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Why are mountain gorillas losing their genetic diversity?

After completing a genetic map of the subspecies, scientists say inbreeding has led to a substantial loss of diversity among mountain gorillas.

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In this photo taken on Thursday, June 23, 2005, Guhonda, a male adult mountain gorilla, in the Volcanos National Park in Rwanda.

Riccardo Gangale/AP

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The most extensive genetic analysis of mountain gorillas ever conducted has found the critically endangered apes burdened with severe inbreeding and at risk of extinction but the researchers still see reasons for optimism about their survival.

Twenty-three scientists from six countries unveiled on Thursday the first complete genetic map of the mountain gorilla, a close genetic cousin to humans inhabiting two isolated areas in central Africa.

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"We found extremely high levels of inbreeding," said geneticist Chris Tyler-Smith of Britain's Wellcome Trust Sanger Institute.

The study in the journal Science revealed a substantial loss of genetic diversity from inbreeding caused by mating with close relatives due to small population size, with mountain gorillas inheriting identical segments from both parents in about a third of their genome.

Inbreeding can increase threats from disease and environmental change by reducing the genetic ability to adapt and cause a larger hardship of harmful mutations.

"Mountain gorillas are critically endangered and at risk of extinction, and our study reveals that as well as suffering a dramatic collapse in numbers during the last century, they had already experienced a long decline going back many thousands of years," University of Cambridge geneticist Aylwyn Scally said.

The researchers were surprised that many of the most harmful mutations, those that can stop genes from working and cause serious health conditions, were less common than in other gorilla subspecies.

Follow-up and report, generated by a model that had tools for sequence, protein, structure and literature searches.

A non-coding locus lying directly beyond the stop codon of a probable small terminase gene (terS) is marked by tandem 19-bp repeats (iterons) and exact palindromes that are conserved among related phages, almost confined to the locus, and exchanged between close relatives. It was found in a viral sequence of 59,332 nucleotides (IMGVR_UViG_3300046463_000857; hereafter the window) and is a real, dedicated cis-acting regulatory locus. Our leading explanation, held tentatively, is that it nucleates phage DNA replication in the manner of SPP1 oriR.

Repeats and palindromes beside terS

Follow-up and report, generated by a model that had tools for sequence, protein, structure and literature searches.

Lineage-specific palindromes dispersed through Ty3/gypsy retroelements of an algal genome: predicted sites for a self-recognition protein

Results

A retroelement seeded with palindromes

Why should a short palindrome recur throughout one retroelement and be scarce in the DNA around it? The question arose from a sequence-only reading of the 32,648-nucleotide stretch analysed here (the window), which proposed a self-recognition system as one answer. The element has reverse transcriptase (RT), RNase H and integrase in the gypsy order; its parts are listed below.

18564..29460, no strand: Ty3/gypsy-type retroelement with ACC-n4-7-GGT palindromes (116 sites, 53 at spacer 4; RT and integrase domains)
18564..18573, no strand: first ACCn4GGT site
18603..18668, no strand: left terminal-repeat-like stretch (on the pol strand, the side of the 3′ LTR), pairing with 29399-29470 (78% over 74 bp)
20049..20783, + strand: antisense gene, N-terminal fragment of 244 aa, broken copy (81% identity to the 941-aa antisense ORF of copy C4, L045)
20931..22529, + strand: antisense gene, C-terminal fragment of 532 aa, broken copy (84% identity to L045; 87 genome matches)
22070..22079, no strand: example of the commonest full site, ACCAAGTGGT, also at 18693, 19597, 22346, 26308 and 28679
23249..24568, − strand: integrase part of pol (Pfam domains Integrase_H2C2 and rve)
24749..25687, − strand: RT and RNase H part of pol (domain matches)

"We have shown that although low in genetic diversity they have not yet crossed any genetic threshold of no return. They can continue to survive and will return to larger numbers if we help them," Scally said.

There are only about 880 mountain gorillas, living in mist-covered forests of the Virunga volcanic mountain range on the borders of Rwanda, Uganda and the Democratic Republic of Congo and Uganda's Bwindi Impenetrable National Park. The study was based on blood samples from seven Virunga gorillas.

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Two gorilla species exist, eastern gorillas and western gorillas. Mountain gorillas, with thicker and longer fur than other gorillas, are one of two subspecies of eastern gorillas.

"While comparable levels of inbreeding contributed to the extinction of our relatives the Neanderthals, mountain gorillas may be more resilient," Copenhagen Zoo geneticist Christina Hvilsom said.

The researchers said the main threats to these gorillas are from humans: habitat loss, hunting and diseases transmitted from people. Tyler-Smith said, "We just need to continue to conserve them: their future lies in our hands."